Obviously, the simple answer is to not discriminate. But it also is important to have well-documented facts that support a business-related justification for the employer’s action and to demonstrate the plaintiff’s lack of proof of discrimination. A discrimination lawsuit begins as little more than an accusation, and the court process moves slowly, but eventually a plaintiff who cannot provide proof of discrimination will lose, usually by summary judgment.
A recent case successfully defended by this firm is a good illustration. The plaintiff was a 70-year old manager with 20 years on the job who was terminated by a younger senior manager. She was eligible to file an age discrimination complaint because she was in a protected category and had been fired, but the employer on summary judgment was able to show that she had no proof that her age was a consideration.
Although the plaintiff had received some criticism from her manager, there was never any discipline and her performance evaluation contained goals for her continued employment. However, the employer uncovered reason to believe that the plaintiff had made misrepresentations to the human resources department and provided a false document when called on to assist in the defense of a discrimination complaint by one of her employees. This caused the employer to submit an incorrect response to the other employee’s complaint. When the plaintiff acknowledged what she had done, the employer felt that all trust in her as a manager was lost, and her employment was terminated.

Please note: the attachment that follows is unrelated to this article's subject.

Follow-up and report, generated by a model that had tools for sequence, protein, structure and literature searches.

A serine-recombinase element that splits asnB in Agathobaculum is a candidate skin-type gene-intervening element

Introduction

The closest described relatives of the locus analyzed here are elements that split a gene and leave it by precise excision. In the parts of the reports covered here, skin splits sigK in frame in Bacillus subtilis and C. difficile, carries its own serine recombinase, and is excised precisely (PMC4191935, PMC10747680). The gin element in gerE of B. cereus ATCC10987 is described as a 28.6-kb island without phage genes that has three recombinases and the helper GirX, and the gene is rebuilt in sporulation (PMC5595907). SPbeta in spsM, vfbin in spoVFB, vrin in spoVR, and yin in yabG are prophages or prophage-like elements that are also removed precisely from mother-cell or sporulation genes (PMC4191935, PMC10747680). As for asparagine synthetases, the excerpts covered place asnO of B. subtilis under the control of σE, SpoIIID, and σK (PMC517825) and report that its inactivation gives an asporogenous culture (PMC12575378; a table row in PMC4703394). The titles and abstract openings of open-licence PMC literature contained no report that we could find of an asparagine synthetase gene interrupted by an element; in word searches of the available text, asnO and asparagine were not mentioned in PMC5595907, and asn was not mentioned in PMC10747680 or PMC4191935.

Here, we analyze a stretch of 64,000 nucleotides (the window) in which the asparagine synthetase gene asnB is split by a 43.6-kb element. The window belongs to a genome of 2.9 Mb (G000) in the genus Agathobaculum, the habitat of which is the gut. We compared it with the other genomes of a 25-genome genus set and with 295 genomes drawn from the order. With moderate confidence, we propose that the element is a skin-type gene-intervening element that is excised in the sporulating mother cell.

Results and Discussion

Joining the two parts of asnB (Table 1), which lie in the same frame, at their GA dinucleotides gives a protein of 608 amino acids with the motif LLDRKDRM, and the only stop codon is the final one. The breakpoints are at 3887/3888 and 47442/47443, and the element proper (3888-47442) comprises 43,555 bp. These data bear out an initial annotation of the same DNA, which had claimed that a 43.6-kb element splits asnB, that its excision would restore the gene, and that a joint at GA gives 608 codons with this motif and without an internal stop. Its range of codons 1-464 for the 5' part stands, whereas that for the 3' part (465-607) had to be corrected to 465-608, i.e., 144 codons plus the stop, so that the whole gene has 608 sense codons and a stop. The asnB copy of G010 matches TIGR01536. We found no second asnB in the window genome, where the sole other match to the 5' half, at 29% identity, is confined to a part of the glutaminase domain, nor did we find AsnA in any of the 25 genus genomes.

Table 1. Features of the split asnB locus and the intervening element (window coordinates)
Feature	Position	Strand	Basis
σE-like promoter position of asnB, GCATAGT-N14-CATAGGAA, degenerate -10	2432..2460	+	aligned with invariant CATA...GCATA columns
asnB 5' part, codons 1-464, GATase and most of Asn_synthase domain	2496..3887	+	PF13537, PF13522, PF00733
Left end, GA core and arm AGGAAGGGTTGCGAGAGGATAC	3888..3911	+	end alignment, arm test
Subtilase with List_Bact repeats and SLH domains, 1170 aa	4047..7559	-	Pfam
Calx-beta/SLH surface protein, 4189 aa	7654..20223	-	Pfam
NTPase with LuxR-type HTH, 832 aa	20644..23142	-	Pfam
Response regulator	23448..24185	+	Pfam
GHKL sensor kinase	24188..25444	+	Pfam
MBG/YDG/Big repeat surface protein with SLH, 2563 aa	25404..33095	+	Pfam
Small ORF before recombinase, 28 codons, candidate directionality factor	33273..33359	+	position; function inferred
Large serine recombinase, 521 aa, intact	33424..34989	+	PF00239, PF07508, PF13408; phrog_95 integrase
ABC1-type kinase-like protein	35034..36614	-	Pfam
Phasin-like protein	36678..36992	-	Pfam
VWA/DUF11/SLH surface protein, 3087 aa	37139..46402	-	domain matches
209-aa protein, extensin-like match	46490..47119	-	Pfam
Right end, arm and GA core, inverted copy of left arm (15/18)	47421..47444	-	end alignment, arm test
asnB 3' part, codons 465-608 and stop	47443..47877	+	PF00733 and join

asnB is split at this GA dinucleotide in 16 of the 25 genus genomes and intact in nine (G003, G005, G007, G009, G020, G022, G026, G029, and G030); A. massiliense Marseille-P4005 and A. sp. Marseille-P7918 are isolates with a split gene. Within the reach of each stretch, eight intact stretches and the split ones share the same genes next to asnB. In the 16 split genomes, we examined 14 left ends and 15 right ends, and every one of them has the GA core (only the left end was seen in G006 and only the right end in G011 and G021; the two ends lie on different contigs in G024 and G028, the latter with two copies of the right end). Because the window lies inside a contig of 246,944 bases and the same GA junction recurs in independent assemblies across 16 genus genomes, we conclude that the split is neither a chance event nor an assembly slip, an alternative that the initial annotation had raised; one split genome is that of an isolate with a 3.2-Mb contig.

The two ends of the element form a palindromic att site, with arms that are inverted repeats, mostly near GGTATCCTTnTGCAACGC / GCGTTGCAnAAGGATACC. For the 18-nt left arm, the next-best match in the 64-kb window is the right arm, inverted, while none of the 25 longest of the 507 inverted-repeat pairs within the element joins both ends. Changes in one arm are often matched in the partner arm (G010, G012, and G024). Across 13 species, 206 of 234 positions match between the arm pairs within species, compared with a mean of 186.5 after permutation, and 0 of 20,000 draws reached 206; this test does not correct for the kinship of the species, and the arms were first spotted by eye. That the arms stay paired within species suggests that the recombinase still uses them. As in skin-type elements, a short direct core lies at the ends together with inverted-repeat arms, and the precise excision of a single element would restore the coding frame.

In granting summary judgment, the court held that the plaintiff did not produce any evidence of age bias, and that her employer’s evidence showed that her employment was set to continue but for the discovery of a serious lapse of judgment. In cases like this, the court does not second-guess the judgment of the employer, so the court did not try to decide if termination was the most appropriate course of action. The court only had to decide if the reason for the termination was bona fide, which it was. The employer’s undisputed, strong evidence compelled the court to release it from the litigation.
Such personnel decisions are never easy, but an honest exercise of judgment based on well-documented events will often provide a complete defense to an uncorroborated accusation of discrimination.
Michael N. LaVelle practices in the areas of labor and employment law including employment discrimination, labor board and other administrative agency practice and wrongful discharge litigation, and municipal law.